Passing the nuclear baton in Pakistan
ISSSP Reflections No. 9, December 27, 2013
Author: Ms. Aditi Malhotra
A lot has changed since Pakistan went nuclear in 1998. Pakistan has successfully tested and deployed longer range nuclear-capable missiles while continuing to expand its fissile material stockpile and of late has ventured towards flight-testing its short range missile Nasr/Hatf-IX which it claims carries a nuclear warhead. Nevertheless, one person has remained a constant fixture throughout Pakistan’s nuclear odyssey. This individual has been Lt General Khalid Kidwai, an Artillery officer who took over the reins of Strategic Plans Division (SPD) as Director General (DG) in February 2000 and continued in the position for almost 14 years. Kidwai’s seemingly unending tenure draws to a close on December 31, 2013. The revelation of his impending retirement and appointment of Lt Gen Zubair Mehmood Hayat as the new DG, SPD was made on December 18.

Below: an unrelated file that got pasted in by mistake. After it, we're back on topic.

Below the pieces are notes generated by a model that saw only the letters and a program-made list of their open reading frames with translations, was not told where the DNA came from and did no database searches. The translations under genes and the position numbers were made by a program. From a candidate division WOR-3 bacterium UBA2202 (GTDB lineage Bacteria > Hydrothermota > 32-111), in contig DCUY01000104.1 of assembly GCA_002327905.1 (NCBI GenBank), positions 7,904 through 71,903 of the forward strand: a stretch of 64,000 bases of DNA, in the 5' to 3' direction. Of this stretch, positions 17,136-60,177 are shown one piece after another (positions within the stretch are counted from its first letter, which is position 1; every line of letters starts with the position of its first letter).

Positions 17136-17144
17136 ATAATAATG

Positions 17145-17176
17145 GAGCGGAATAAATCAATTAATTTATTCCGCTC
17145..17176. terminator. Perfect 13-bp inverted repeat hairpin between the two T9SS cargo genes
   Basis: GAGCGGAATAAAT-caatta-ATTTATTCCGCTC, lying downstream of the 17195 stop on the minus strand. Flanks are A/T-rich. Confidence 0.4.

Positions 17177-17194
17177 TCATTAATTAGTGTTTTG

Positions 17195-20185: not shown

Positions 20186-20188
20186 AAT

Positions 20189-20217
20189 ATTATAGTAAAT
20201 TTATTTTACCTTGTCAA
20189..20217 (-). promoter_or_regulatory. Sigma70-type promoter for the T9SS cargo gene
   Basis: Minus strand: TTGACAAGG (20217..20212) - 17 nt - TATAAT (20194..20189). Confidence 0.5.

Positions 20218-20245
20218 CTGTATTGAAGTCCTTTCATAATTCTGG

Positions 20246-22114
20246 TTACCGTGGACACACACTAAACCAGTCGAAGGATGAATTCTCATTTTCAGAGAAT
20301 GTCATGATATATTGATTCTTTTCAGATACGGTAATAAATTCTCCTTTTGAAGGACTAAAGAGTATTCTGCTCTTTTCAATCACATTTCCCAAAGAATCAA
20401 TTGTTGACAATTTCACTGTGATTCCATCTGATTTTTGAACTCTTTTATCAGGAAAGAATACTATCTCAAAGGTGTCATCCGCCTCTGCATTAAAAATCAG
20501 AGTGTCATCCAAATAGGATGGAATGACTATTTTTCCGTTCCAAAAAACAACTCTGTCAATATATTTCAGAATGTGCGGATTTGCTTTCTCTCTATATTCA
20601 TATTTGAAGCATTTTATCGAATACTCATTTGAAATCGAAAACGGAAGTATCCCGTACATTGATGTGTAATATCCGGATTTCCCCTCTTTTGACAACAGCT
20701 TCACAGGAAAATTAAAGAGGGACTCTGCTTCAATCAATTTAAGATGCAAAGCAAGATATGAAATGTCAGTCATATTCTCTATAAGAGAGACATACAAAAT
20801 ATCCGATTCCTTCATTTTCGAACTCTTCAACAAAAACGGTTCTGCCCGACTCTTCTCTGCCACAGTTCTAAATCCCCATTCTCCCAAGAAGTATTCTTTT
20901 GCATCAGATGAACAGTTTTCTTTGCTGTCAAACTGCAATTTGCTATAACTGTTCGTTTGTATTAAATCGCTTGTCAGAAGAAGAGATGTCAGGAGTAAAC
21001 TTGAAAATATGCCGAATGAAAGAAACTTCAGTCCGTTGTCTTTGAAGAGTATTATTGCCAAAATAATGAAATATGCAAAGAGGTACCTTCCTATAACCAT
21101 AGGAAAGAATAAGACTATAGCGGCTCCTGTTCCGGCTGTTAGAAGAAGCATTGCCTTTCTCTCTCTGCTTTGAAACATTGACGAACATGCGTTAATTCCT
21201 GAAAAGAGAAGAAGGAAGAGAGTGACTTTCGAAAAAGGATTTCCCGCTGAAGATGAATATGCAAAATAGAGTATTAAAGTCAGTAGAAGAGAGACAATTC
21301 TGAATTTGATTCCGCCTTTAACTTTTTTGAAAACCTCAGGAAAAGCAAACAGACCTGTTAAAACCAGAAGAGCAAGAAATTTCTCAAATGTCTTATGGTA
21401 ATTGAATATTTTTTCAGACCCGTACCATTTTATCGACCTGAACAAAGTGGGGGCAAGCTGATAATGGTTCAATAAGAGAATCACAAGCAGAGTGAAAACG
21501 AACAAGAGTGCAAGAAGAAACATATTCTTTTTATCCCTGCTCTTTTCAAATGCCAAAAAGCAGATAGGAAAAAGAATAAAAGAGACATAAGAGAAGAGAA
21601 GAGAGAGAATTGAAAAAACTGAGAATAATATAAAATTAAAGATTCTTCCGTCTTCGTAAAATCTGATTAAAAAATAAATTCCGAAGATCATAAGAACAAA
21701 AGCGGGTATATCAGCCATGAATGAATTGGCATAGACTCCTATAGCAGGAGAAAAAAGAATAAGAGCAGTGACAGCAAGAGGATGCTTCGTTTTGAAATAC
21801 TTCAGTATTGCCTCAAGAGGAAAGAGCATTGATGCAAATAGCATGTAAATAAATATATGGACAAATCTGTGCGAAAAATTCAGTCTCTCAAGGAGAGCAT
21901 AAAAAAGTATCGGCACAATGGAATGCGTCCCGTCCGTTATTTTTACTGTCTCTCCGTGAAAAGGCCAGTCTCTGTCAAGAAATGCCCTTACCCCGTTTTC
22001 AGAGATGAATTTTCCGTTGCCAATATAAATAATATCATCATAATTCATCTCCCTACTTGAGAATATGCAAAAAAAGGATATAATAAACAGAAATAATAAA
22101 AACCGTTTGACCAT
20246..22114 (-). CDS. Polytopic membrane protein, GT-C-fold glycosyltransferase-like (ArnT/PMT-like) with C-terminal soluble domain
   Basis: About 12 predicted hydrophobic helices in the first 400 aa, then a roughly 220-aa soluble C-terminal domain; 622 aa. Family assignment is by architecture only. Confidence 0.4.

Kidwai’s retirement marks a landmark moment for Pakistan’s Nuclear Command and Control (C2) structure. This is not only because it marks the first major change in SPD’s leadership but also due to the other changes which have occurred in Pakistan’s National Command Authority (NCA) after PM Nawaz Sharif and Pakistan Army Chief assumed office in June 2013 and November 2013 respectively.
After PM Nawaz Sharif’s accession, a new set of people were ushered into civilian positions in the NCA. Nawaz Sharif assumed the position of Chairman, NCA (a position held by the PM since 2010). Additionally, two new individuals, Chaudhry Nisar Ali Khan and Mohammad Ishaq Dar, part of Nawaz Sharif’s cabinet (Minister of Interior and Minister of Finance ) have also became part of the Employment Control Committee (ECC) of the NCA.